From the good folks over at US News and World Report, Health Division
Bifocals Can Be a Pain in the Neck
By Matthew Shulman
When it comes to reading small print and seeing oncoming traffic from a distance, bifocals are a sure bet. But the dual-purpose lenses aren’t great at “in between” distances—for example, from chair to computer screen.
So bifocal wearers commonly adopt a working posture that can strain the neck muscles and result in neck pain and piercing headaches. They extend the neck forward to bring the screen into closer view, tilting the head to focus through the lower segments of the lenses, says Richard Guyer, a spine surgeon with the Texas Back Institute and a past president of the North American Spine Society. In some people, the pain extends beyond the neck to the shoulder and can radiate down the nerves to the hands, sometimes resulting in shoulder and elbow injuries and carpal tunnel syndrome, according to Joseph Kleinkort, a spokesperson for the American Physical Therapy Association and an ergonomic consultant.
It doesn’t take a spine surgeon, though, to correct the problem. Kleinkort recommends getting a pair of trifocals—essentially bifocals with a third, middle lens for the intermediate zone some 18 to 24 inches away. Another option is progressive lenses, which are typically prescribed for older patients with presbyopia and are made with a single, seamless lens that changes magnification depending on the angle. These lenses “allow you to find the best region in the glasses for whatever distance your task demands,” says Lynn Gordon, a neuro-ophthalmologist at the Jules Stein Eye Institute at the University of California-Los Angeles. Progressive contact lenses are also available.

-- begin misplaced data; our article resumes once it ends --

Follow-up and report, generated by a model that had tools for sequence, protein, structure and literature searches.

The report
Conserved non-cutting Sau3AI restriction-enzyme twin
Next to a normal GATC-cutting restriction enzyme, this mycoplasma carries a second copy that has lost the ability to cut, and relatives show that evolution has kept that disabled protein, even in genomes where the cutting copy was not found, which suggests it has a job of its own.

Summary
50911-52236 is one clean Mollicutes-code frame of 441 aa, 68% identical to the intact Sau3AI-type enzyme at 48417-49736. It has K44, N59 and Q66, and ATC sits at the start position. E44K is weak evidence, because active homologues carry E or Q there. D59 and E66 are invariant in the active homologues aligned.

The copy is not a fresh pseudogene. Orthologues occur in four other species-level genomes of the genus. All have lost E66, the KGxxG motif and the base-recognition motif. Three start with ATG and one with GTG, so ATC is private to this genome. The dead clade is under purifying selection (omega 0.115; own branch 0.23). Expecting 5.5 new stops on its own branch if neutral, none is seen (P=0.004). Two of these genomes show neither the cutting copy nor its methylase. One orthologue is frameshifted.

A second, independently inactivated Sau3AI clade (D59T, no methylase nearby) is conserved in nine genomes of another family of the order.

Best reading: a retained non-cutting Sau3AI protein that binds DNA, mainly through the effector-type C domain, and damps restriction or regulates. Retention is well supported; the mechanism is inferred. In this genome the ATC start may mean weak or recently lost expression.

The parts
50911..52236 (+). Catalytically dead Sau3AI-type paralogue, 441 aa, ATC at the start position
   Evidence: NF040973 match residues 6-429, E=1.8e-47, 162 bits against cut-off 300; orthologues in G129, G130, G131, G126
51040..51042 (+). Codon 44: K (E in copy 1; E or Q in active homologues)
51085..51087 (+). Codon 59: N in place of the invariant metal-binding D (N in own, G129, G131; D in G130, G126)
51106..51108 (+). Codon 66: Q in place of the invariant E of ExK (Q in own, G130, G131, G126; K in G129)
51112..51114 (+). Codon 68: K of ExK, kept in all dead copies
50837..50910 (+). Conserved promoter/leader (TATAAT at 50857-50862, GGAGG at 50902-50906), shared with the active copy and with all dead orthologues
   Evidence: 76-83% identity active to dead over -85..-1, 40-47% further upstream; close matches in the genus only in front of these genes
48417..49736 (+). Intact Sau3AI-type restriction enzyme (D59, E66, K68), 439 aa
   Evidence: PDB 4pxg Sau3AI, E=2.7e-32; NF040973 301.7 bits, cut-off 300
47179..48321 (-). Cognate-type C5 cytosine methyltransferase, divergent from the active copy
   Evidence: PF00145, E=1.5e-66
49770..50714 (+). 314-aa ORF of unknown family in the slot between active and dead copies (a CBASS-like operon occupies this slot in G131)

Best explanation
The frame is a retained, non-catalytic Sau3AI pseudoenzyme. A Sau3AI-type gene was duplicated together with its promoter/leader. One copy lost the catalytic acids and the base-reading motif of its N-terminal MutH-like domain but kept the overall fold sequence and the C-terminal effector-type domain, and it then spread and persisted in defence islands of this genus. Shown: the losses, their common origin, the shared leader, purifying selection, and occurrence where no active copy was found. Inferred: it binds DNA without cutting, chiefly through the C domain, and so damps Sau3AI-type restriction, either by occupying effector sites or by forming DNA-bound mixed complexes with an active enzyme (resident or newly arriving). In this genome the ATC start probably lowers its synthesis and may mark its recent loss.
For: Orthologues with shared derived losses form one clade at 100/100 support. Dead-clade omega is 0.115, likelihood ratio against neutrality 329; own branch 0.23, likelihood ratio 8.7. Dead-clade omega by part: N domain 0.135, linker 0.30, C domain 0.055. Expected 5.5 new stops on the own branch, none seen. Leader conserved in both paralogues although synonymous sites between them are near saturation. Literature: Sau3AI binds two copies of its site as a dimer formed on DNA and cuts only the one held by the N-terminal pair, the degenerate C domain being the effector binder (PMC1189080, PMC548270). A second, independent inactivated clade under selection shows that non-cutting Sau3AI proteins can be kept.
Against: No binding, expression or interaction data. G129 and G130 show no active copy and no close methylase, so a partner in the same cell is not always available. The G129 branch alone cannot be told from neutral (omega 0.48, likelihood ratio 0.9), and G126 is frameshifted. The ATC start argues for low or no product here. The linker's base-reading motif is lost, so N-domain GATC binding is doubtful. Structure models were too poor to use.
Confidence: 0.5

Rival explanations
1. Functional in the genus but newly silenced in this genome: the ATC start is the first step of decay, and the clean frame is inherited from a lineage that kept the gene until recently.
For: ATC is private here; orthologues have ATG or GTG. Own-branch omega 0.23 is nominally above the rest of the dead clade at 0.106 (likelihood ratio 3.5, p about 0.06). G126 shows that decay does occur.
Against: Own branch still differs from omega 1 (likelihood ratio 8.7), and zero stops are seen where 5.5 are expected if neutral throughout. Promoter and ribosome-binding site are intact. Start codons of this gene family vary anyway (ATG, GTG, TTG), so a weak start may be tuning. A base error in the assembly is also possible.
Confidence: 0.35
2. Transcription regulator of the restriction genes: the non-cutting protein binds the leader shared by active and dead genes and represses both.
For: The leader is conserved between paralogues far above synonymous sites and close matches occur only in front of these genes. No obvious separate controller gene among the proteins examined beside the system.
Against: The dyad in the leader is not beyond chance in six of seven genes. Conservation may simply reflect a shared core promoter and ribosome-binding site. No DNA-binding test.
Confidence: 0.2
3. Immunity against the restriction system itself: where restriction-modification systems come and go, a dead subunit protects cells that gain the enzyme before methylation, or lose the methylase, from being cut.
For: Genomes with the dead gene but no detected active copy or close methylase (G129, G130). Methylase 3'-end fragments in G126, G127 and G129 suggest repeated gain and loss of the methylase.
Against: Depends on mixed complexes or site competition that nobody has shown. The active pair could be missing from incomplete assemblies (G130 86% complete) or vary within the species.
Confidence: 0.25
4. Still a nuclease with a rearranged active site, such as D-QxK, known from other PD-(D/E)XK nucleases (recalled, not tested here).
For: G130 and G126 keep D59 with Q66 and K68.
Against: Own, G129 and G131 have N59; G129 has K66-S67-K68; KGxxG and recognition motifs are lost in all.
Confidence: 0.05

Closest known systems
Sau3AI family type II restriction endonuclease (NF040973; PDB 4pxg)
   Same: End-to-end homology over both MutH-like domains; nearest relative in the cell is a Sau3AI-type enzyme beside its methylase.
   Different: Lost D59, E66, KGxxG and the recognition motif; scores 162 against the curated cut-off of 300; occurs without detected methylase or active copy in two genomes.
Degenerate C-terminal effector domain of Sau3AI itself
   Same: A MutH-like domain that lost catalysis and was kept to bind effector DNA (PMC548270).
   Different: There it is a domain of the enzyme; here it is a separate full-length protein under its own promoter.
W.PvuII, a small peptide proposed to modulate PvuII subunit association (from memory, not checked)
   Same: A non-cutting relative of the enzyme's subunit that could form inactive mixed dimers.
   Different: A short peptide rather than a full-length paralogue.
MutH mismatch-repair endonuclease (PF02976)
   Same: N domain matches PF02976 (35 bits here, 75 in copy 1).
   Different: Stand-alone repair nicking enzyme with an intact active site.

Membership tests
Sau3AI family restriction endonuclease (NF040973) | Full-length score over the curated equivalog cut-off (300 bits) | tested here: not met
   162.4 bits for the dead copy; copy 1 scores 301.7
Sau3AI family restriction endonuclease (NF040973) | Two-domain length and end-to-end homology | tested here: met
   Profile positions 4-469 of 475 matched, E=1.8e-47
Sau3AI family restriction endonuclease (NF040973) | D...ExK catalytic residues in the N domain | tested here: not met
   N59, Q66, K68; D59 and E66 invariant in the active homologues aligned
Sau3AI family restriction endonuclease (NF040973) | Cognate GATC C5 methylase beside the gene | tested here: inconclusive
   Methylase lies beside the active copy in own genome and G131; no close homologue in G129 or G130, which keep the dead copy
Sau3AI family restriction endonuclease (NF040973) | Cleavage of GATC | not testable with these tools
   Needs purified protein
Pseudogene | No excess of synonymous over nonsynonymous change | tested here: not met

The ergonomics of your workspace also play a role in relieving the aches. Simply changing the position of the computer monitor, in fact, may do the job. According to Richard Bunch, a physical therapist and clinical associate professor at Tulane University Medical School who consults on ergonomics, lowering the monitor so that the head and neck can remain in a neutral position and the chin level to the floor—whether or not you wear corrective lenses—can work wonders for neck pain. And be sure to sit up tall with your head centered over your shoulders to increase blood flow and lessen the burden on your neck.